The trial organizers intend to correlate molecular profiles and genomic tests on bone marrow aspirates from 1,000 patients at baseline with primary and secondary outcomes at 1- and 5-years follow-up, and survival at 8 years. Each of the arms will receive an immunomodulatory agent, a proteosome inhibitor, or both, and physicians can also add additional therapies, and/or transplants. Interim results from the study are expected to be announced at ASH later this year.
New Genomic Analysis for Relapsed Patients
“Seventy percent of patients do poorly, but 30% do fine. In one case we’ve conclusively showed what sets the two groups of patients apart. Tumor protein 53 has been implicated in myeloma, but the hypothesis has been that if the patient has two hits, they’re at high risk. We’ve shown that the biology of a tumor suppressor does matter, if they do not fit the two-hit hypothesis, in other words, if they have just one hit. Clinically, we just test for one hit,” explained Keats.
Experts say that genetic analysis should be part of the standard of care for myeloma patients, and when a patient relapses, the genetic expression of the cancer should be re-analyzed.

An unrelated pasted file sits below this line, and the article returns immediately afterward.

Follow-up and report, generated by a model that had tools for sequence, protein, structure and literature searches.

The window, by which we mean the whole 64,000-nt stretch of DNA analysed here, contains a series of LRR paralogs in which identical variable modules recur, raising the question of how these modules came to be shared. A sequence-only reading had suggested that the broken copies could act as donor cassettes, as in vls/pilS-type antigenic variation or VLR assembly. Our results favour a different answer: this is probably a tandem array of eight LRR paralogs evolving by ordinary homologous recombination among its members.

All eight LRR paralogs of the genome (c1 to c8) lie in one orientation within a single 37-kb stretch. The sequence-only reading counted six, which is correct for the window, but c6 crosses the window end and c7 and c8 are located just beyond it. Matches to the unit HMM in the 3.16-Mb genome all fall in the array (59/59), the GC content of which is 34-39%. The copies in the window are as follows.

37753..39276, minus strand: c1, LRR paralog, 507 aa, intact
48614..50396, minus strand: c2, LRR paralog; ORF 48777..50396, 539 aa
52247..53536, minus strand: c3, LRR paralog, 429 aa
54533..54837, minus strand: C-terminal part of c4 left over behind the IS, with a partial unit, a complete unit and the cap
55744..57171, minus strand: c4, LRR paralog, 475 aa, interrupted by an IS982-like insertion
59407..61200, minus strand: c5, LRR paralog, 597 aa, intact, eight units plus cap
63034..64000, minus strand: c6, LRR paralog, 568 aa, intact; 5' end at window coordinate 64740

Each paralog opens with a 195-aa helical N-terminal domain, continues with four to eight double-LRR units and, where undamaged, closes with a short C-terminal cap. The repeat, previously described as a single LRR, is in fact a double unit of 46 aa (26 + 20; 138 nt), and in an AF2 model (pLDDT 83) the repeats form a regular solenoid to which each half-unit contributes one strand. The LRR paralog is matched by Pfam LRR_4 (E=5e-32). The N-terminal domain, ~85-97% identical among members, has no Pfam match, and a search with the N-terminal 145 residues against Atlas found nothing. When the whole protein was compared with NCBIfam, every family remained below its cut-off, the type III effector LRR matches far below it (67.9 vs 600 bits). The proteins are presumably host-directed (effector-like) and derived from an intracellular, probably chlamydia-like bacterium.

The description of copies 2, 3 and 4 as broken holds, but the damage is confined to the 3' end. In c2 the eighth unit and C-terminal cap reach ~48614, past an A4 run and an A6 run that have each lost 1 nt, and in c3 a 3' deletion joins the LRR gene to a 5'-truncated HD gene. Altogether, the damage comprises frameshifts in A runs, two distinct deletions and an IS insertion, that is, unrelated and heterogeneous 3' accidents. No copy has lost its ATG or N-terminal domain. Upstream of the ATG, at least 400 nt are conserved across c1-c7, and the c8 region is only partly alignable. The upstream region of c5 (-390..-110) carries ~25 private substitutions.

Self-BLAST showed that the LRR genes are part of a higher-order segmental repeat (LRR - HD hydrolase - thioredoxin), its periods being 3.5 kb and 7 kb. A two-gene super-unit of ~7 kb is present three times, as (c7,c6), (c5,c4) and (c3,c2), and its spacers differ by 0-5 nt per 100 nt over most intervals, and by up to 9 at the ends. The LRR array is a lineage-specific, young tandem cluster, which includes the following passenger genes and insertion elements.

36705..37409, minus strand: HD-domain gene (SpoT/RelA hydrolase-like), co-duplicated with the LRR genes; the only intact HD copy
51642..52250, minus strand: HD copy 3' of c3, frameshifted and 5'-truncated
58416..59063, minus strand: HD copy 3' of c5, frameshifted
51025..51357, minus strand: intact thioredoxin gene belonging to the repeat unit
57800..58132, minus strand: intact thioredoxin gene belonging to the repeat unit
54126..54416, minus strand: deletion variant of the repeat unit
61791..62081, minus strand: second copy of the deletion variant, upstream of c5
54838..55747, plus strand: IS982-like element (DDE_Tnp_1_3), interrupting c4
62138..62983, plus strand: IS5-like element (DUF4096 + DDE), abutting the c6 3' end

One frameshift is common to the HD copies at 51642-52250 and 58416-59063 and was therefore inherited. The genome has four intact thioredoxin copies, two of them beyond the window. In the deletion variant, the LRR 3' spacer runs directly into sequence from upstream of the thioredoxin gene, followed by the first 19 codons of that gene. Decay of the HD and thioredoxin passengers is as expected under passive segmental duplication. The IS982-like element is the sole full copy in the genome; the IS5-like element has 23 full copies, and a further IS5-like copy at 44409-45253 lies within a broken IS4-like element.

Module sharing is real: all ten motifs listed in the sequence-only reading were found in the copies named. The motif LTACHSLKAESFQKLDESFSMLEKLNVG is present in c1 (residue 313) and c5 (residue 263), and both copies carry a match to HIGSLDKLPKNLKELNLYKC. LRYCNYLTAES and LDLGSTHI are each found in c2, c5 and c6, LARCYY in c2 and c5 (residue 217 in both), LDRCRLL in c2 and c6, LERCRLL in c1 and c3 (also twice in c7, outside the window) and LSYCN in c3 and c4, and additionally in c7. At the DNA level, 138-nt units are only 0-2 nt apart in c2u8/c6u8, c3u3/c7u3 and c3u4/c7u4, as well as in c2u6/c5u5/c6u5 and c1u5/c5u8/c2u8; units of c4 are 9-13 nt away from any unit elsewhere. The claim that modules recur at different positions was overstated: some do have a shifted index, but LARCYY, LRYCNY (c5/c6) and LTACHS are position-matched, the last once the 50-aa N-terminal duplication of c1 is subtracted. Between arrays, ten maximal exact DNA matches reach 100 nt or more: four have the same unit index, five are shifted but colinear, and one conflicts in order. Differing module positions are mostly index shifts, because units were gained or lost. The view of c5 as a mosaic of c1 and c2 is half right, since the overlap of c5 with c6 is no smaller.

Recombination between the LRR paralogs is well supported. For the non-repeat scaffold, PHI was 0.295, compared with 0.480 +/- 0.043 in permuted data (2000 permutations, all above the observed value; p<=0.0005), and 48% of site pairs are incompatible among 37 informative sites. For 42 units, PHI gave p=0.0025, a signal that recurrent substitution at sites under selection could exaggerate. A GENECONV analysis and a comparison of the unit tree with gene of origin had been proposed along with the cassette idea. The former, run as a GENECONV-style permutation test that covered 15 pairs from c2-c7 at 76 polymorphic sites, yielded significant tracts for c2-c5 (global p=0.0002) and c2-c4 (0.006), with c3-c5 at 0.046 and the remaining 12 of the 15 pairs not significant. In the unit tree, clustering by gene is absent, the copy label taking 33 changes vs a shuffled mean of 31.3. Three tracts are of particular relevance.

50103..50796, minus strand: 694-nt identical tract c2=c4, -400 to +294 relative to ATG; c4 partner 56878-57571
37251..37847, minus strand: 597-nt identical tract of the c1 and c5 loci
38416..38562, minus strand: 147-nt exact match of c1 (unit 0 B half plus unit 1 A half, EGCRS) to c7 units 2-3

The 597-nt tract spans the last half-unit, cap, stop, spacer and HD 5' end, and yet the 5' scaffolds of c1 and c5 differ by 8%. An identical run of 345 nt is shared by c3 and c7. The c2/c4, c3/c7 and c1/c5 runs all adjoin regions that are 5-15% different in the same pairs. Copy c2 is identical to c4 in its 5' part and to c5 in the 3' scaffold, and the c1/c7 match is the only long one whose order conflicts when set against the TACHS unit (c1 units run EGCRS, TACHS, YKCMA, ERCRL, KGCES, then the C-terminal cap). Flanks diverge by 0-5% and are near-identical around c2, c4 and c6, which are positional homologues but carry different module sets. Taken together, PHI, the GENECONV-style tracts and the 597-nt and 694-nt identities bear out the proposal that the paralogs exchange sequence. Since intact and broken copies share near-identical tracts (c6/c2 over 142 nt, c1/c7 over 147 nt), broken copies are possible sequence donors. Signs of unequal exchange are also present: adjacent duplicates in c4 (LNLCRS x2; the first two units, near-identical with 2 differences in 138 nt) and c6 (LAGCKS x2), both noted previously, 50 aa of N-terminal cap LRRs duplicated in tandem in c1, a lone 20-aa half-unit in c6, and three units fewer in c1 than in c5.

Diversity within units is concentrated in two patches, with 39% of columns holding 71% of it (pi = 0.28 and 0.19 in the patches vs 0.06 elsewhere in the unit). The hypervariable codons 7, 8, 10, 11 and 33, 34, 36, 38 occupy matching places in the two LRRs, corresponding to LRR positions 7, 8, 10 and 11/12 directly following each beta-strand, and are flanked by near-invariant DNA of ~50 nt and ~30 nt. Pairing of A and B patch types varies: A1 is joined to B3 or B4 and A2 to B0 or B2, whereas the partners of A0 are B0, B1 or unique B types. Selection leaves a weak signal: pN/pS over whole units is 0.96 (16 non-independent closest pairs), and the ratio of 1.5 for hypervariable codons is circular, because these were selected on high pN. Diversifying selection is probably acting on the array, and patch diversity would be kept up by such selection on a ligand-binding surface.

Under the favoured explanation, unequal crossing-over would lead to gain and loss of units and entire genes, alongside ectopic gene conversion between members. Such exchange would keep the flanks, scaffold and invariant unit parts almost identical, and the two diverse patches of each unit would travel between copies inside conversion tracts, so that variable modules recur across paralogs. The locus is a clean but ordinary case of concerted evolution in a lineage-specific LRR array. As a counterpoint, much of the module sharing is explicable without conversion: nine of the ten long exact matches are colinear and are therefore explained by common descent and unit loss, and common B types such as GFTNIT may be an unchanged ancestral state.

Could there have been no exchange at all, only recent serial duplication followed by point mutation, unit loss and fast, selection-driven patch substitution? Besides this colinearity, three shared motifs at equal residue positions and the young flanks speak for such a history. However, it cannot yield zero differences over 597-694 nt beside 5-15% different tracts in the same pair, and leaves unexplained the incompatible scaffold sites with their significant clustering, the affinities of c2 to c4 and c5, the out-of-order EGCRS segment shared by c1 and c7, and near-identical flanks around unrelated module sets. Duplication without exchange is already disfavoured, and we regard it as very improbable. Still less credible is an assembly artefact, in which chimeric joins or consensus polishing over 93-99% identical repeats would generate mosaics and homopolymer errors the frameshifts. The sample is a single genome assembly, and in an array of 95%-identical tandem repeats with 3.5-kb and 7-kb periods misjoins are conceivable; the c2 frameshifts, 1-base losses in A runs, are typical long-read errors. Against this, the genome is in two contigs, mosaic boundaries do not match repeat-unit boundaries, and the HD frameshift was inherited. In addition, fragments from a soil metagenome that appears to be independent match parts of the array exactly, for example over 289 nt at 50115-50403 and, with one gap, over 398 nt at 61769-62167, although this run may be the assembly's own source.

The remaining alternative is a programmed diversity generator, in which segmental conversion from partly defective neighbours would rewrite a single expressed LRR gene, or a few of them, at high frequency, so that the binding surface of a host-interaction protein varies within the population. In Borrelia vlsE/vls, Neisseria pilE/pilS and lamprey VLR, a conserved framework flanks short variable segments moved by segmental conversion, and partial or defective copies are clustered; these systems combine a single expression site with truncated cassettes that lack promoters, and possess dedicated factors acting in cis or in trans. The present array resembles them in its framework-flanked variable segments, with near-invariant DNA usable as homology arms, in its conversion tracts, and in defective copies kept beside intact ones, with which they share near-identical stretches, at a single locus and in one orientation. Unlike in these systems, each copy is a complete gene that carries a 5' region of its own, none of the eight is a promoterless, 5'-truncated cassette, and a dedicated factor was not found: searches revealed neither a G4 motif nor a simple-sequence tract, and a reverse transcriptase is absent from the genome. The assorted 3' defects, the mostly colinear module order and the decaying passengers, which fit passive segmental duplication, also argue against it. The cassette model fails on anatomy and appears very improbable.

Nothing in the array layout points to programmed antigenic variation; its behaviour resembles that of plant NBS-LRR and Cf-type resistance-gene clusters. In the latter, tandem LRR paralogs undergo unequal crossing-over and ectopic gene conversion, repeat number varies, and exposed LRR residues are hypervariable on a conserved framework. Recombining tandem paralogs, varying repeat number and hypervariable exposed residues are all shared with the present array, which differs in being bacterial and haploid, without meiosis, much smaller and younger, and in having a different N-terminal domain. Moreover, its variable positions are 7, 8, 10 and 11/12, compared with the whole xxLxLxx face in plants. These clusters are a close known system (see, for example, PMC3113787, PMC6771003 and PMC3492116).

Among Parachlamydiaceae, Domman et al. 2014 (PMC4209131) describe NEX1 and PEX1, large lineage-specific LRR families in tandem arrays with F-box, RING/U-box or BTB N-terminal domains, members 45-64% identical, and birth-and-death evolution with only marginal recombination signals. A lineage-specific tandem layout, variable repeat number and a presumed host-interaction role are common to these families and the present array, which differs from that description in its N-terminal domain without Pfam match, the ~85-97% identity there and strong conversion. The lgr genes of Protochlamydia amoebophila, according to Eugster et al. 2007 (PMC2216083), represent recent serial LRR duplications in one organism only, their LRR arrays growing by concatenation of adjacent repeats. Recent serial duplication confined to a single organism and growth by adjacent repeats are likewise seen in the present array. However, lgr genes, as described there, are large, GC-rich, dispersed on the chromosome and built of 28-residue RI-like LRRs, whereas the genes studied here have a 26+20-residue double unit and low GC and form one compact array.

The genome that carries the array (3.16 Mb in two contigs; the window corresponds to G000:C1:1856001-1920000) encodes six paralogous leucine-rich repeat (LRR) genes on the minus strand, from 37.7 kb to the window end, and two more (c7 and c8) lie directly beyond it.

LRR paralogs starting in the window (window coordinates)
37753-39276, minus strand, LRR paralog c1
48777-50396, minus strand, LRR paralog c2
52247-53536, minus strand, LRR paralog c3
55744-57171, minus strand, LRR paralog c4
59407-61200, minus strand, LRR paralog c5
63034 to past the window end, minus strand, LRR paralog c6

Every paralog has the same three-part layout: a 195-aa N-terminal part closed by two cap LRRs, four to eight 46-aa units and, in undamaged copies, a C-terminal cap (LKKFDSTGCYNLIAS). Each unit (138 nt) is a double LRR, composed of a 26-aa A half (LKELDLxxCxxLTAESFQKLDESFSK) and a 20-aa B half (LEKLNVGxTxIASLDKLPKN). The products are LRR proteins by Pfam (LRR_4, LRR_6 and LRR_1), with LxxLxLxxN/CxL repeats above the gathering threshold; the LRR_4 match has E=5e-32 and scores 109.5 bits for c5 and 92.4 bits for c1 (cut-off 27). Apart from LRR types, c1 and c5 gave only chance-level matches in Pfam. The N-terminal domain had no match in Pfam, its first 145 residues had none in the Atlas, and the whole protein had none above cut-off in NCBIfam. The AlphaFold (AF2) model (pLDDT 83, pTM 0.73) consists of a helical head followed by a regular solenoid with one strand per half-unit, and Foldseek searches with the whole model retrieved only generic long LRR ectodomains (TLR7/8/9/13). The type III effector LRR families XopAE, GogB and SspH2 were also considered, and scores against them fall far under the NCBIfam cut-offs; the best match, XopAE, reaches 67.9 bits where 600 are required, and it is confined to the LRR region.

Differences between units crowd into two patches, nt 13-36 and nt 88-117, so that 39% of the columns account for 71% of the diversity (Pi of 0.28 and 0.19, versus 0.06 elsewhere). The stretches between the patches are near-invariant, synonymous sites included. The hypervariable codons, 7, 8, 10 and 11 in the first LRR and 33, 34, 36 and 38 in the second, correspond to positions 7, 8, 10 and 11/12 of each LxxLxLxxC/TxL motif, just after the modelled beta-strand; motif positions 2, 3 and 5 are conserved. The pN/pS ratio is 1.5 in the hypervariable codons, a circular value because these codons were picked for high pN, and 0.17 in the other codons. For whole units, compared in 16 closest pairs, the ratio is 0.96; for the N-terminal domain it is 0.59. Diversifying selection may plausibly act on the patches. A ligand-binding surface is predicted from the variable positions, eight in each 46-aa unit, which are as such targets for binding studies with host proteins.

Some scientists have determined that 15% of myeloma patients have a high-risk gene signature, so oncologists should initially do a cytogenetic analysis looking at chromosome abnormalities, and fluorescence in situ hybridization (FISH). It’s still not done everywhere, but it should be, and it’s getting better,” said McCarthy.
“And when patients relapse, they definitely need to be FISHed again at a minimum, because of clonal infidelity. You can see changes that pop up that were not there on the original diagnostic sample. If you look at the new ones, the old ones may be gone. It’s not just one cancer all the time,” he added.